Science has always reserved its greatest accolades for those who prove what came before to be wrong, and every scientist in the world knows the best way to become famous is to prove everyone else wrong. Nevertheless, pseudo-scientists always argue that scientists have some vested interest in preserving the current order (and thus dooming their careers into obscurity when they could have become famous Nobel prize winners). This argument has never made any sense, but that doesn't stop them from making it. So, one more example won't make any difference to them -- people who advocate a bad argument that runs counter to evidence are not dissuaded by more evidence.

Winds (3, Funny)

4D6963 (933028) | more than 5 years ago | (#28330033)

Ocean currents? Here's an even better idea : winds! I know it's true because when I throw a fridge magnet in the wind it goes in the same direction. So next time you want to know in what direction the wind is going, just look at a magnetic compass!

Another reason to dig deep... (1)

RobVB (1566105) | more than 5 years ago | (#28330039)

... and I mean that literally. I'm a big fan of space research, but maybe we should also be working on an expedition (or Journey, if you will) to the Centre of the Earth. Or at least find a way to take samples and readings down there. Humanity has never dug deeper than 12,262 meters(*), and although I see the obvious problems in digging for lava, I'm convinced it would yield interesting results.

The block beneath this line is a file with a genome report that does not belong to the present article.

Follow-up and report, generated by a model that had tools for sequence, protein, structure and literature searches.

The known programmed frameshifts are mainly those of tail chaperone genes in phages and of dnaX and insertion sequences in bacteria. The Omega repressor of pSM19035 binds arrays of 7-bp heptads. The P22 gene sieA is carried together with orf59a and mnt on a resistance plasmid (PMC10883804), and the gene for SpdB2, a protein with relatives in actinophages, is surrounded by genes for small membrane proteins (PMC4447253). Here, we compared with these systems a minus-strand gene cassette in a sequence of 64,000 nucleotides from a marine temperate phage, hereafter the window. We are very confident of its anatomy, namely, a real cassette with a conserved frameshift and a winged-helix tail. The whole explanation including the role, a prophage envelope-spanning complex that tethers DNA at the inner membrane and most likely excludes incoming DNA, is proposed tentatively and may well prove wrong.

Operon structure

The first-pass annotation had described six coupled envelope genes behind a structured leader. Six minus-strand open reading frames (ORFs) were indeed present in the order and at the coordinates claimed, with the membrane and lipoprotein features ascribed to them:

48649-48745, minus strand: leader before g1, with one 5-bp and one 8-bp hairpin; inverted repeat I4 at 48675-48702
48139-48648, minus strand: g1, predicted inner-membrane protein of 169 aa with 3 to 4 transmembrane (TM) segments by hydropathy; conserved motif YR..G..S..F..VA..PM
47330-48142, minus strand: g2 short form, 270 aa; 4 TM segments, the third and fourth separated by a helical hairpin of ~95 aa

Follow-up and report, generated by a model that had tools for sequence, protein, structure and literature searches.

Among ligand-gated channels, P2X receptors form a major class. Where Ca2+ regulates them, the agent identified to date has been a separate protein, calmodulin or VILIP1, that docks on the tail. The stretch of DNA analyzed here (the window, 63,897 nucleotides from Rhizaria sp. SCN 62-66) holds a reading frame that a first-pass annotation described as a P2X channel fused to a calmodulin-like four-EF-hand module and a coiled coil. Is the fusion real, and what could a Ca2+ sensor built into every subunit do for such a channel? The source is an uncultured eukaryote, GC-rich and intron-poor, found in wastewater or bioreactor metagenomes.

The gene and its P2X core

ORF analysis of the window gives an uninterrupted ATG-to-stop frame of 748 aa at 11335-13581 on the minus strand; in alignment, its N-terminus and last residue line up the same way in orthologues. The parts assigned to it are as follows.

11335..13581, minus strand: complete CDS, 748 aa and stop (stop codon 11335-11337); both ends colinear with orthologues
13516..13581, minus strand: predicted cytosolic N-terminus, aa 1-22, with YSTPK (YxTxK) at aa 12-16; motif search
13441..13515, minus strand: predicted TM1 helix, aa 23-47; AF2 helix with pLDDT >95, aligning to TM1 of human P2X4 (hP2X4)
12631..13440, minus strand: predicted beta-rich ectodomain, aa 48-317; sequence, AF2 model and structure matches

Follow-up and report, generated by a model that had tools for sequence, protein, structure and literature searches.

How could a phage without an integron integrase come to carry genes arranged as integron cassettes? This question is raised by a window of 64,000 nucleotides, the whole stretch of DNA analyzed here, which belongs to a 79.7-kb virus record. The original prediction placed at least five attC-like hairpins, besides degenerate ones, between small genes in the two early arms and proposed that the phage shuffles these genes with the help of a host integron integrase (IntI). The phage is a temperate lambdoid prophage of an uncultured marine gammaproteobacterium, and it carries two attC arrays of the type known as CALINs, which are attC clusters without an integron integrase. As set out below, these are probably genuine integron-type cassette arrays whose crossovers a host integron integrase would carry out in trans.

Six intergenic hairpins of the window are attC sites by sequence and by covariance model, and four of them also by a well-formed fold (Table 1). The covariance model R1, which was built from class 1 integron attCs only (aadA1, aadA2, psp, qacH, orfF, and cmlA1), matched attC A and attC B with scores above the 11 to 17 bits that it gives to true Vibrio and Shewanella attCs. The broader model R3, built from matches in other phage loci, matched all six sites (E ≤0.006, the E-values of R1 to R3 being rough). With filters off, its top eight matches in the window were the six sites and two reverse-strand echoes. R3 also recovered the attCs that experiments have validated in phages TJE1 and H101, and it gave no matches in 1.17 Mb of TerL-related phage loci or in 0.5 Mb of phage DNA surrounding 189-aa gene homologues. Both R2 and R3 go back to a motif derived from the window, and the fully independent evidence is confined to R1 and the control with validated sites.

(*) This number was taken from the following article, about a Russian digging experiment: http://www.damninteresting.com/?p=567

And I'll just post this here too: http://en.wikipedia.org/wiki/Integrated_Ocean_Drilling_Program

Language matters (2, Interesting)

Mr_Chang (1576589) | more than 5 years ago | (#28330041)

"The currently predominant theory ...of Earth's magnetic field"

To be certain, there are NO 'theories' for Earth's magnetism, only a variety of HYPOTHESIS'S.

Once again the term theory is being misused for HYPOTHESIS. It is a great disservice to science and scientists to not understand the definition and implications for both terms.

A worker whose research achieves the level of Theory is among the 'Nobel class' of scientists. Therefore the term should be used properly and with some reverence.